Julie Kent
Julie Kent, the artistic director of the Washington Ballet Credit: Darrow Montgomery

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On Oct. 21, the Washington Ballet announced that Julie Kent, its star artistic director, would leave the organization at the end of the current season to become the co-artistic director at Houston Ballet, a new role seemingly made for her. Her unexpected departure from TWB has obvious repercussions for the company and raises questions about its future.

“I had an opportunity that grew very organically and really made sense on a lot of levels. And it seems like a logical next step for me to work in probably one of the greatest ballet companies in this country, if not the world,” Kent tells City Paper regarding her decision to step away from TWB. “I’m just honored to have the opportunity to join that community.”

Kent is only the third artistic director of the Washington Ballet in its 55-year history. Her tenure, from 2016 to 2023, will be the shortest. Septime Webre was artistic director from 1999 to 2016, following the company’s founder, Mary Day, who was artistic director from 1967 to 1999. Kent confirmed that the opportunity and decision to accept Houston’s offer were sudden. “It came together very quickly,” she says, noting it happened this fall.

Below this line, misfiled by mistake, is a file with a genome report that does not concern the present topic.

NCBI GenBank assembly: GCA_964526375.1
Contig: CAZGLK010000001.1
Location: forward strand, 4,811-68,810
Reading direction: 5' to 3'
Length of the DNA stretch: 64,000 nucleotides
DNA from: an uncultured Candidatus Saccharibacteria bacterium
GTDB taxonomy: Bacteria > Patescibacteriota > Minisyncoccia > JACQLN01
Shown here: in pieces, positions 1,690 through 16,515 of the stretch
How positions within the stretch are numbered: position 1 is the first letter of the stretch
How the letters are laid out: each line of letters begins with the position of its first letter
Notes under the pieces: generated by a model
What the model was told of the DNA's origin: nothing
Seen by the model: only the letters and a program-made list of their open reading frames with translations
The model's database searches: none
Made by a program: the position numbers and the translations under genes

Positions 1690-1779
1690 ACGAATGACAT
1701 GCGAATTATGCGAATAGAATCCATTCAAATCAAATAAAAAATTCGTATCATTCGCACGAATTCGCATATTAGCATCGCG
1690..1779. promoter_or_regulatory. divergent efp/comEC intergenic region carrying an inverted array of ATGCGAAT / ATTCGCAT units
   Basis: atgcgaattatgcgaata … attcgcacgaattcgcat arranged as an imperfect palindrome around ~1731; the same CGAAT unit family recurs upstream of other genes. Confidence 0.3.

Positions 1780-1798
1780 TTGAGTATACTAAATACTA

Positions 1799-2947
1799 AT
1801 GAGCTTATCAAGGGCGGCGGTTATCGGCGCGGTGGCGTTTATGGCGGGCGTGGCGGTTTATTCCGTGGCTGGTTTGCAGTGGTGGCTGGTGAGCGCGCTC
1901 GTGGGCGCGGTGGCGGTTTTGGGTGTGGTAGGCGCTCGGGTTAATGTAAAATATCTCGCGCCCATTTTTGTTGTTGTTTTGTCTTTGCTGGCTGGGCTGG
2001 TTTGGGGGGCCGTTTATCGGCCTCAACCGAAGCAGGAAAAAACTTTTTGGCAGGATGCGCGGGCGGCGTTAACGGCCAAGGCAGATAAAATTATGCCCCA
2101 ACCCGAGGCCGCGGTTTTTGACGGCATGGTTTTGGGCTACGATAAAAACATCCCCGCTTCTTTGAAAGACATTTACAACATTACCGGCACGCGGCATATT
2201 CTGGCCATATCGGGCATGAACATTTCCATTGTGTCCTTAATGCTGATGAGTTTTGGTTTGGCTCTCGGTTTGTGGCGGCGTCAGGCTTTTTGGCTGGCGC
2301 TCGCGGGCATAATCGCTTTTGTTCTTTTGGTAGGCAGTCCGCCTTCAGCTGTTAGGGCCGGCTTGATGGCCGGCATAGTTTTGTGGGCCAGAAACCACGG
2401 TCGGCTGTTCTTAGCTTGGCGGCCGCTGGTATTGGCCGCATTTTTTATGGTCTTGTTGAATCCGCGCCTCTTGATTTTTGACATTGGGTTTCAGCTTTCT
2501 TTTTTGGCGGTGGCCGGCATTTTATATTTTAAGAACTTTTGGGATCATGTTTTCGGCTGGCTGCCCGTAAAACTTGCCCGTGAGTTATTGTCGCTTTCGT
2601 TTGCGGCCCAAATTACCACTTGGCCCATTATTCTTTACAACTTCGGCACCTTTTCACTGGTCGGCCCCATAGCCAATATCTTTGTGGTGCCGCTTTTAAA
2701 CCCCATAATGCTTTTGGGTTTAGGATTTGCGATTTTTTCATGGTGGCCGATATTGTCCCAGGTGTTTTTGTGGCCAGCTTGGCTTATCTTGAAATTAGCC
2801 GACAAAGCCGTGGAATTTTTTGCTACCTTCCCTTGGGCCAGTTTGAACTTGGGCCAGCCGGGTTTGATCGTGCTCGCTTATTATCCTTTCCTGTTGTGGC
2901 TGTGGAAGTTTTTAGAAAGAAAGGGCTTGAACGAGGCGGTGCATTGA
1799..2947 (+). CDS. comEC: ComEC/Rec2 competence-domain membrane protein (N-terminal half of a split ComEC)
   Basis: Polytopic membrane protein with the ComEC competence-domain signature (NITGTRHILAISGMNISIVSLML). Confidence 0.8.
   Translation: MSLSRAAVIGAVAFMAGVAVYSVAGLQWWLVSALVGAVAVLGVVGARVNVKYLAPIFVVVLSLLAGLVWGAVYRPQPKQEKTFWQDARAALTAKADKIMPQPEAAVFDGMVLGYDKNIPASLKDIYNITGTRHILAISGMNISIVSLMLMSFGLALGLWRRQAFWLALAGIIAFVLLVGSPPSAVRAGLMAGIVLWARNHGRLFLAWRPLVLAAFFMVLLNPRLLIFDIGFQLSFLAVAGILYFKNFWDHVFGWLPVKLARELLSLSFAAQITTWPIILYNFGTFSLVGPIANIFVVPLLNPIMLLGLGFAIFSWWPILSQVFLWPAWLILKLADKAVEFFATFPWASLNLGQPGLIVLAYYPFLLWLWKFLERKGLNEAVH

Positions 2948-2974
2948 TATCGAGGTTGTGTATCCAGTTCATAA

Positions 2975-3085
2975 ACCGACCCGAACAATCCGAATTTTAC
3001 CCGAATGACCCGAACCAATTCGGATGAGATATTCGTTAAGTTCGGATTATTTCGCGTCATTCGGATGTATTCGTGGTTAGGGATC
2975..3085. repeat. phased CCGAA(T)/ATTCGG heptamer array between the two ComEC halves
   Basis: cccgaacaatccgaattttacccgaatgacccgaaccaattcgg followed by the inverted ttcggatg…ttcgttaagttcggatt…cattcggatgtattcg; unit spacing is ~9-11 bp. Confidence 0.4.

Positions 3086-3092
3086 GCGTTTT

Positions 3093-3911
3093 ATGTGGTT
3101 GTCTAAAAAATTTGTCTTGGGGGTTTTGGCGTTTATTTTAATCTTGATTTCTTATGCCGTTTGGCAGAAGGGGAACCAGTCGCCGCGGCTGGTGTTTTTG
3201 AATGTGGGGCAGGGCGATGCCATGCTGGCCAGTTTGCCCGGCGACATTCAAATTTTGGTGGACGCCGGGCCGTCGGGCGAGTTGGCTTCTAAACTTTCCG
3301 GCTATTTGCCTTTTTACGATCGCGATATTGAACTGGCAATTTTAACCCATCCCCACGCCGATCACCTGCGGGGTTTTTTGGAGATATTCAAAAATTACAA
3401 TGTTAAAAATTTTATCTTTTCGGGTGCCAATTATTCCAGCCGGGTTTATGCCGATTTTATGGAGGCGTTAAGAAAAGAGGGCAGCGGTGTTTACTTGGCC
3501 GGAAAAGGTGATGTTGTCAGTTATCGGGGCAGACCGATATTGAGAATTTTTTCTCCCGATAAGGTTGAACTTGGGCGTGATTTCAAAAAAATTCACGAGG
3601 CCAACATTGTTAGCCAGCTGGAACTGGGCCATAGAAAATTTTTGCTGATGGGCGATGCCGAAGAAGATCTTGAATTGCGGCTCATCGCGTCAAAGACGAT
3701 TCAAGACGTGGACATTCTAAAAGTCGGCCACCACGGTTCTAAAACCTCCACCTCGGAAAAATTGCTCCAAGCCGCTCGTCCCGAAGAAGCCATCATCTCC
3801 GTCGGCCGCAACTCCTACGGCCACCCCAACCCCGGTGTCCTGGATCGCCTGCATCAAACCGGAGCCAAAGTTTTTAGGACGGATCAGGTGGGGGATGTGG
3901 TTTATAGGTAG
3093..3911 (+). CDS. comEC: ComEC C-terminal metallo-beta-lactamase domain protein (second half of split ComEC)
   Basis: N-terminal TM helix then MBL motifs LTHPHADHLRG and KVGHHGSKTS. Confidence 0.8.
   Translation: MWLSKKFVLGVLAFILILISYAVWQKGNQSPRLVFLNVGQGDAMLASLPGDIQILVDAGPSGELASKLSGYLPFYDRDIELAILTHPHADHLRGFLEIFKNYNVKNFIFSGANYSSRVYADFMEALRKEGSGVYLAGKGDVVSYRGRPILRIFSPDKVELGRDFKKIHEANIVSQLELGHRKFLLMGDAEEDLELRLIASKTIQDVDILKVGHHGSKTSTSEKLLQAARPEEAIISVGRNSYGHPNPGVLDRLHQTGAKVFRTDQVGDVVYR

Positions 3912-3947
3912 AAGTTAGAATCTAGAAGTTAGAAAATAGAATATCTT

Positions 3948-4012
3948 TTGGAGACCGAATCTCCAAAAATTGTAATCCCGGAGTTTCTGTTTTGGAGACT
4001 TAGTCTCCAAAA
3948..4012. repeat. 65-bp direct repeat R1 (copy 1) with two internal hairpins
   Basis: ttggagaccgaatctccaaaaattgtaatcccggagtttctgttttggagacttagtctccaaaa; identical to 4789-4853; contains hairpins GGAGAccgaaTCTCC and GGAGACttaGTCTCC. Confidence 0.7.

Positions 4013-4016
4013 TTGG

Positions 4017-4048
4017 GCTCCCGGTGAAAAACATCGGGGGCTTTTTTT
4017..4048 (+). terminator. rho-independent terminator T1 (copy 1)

Kent’s recruitment to lead the Washington Ballet was heralded as a move that would help the company emerge onto the national stage. Kent was the longest-serving ballerina in the history of American Ballet Theatre, one of the world’s leading classical ballet companies. She performed principal roles in more than 100 classical and contemporary ballets while at ABT, and originated roles in works by Mark Morris, Twyla Tharp, and Stanton Welch (Houston Ballet’s artistic director, who will continue in the role alongside Kent).